Smartphones and cell phones have many positive effects on our daily lives: Quickly you can pick a meeting point by telephone or send a photo via messenger software. Experiences can be shared with others – even if they are far away. Information can be immediately passed along – even to several people at the same time.Message services like WhatsApp or Threema have definitely changed our communication behavior. Exchange between people is certainly easier, but it often results in the feeling that we need to be available all the time.
Constantly “On”For children and adolescents, too, the phone isn’t just a “play thing” – it’s a means of social communication. 94 percent of young people send or receive messages regularly (JIM Study 2015) on their phones and among children under 13 years of age already, about three quarters do too (KIM Study 2014). Interacting with friends is in itself a great thing. But it gets tough when the need arises to constantly check one’s phone for new messages and one’s daily life is then dominated by the fear one might miss something. There’s even a specialist term for this “FOMO” (fear of missing out), because the fear of not being part of the entertainment is the most common factor for over use of one’s mobile phone.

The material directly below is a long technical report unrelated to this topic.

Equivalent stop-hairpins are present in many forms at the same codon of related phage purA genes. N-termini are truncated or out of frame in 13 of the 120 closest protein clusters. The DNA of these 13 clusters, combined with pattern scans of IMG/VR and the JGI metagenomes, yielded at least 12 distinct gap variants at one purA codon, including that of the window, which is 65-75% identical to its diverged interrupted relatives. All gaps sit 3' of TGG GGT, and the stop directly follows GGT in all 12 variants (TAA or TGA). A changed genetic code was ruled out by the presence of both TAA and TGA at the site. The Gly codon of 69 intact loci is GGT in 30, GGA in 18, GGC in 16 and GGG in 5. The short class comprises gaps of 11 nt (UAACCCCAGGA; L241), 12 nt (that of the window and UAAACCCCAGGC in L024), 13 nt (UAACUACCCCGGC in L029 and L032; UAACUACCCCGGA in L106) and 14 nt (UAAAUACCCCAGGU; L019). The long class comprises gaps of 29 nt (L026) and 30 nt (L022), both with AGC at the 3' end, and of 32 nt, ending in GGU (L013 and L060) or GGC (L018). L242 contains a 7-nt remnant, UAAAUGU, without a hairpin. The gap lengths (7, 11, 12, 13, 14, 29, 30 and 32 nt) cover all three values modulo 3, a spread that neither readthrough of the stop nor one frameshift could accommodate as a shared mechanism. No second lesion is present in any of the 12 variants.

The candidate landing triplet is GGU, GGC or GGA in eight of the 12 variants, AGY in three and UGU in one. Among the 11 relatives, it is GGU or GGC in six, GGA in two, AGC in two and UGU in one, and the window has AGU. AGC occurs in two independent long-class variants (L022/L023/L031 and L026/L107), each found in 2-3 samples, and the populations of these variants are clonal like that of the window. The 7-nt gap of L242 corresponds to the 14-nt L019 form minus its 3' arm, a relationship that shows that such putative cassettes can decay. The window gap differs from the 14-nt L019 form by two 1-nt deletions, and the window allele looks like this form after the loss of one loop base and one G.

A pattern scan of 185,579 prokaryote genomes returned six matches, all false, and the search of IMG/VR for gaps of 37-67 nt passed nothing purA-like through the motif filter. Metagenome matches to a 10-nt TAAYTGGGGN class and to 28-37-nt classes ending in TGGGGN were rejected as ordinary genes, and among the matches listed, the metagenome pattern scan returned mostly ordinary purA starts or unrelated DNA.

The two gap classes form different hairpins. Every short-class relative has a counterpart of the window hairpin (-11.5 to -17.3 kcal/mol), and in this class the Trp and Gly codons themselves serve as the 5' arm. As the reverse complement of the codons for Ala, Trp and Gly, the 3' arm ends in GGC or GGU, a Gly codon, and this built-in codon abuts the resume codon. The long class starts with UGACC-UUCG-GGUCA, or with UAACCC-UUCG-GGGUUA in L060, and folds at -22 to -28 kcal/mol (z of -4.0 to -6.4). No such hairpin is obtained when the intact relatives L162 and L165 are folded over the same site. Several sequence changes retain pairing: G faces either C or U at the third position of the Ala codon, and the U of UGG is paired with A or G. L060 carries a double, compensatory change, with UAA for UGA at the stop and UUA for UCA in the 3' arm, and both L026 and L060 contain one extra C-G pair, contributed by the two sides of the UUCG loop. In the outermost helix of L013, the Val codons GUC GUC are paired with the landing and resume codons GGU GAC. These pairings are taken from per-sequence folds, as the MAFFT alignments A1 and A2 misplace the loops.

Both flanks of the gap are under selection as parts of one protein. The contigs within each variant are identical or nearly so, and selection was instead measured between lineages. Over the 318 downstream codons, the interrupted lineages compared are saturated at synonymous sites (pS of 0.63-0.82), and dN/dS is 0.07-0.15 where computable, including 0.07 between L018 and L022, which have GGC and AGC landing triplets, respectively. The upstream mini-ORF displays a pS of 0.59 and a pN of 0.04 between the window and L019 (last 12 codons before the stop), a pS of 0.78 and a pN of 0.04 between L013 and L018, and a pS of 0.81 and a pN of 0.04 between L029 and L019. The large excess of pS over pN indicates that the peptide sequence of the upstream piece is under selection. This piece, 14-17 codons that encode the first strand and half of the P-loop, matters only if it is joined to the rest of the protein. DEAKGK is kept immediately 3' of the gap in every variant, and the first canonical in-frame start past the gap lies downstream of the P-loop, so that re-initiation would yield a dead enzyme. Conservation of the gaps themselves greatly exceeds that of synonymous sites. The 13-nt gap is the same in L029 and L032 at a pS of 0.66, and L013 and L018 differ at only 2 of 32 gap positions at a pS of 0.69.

Use behaviorConstant accessibility increases the expectations that we immediately receive a reply to a message. Children and adolescents are also susceptible to this pressure to communicate, which pushes them to check their phones constantly. Always reaching for one’s phone, of course, doesn’t always make a good impression, and understandably so. The latest LfM Study “Mediatization Mobile. Phones and mobile Internetuse by children and adolescents” summerizes this problem very clearly: “Curiosity regarding new messages and the pressure for one to communicate are apparently greater than the desire to behave courteously.”
Support from family and educational professionalsChildren’s first media experiences often happen in the family. Their media use behavior is thus reflective of the parents’. The role model behavior of parents and school teachers/legal guardians has the greatest influence on the child’s handling of digital media, especially for very young children. That’s why it is important to accompany children and adolescents’ media communication with reflective conversations – and to also question one’s own media use behavior. Adolescents need parents and educators who talk to them and set common guidelines with them.
The dossier “Are you a cell phone case?!” is all about mobileuse times and breaks. It offers support for this topic with the following information as well as tips and more.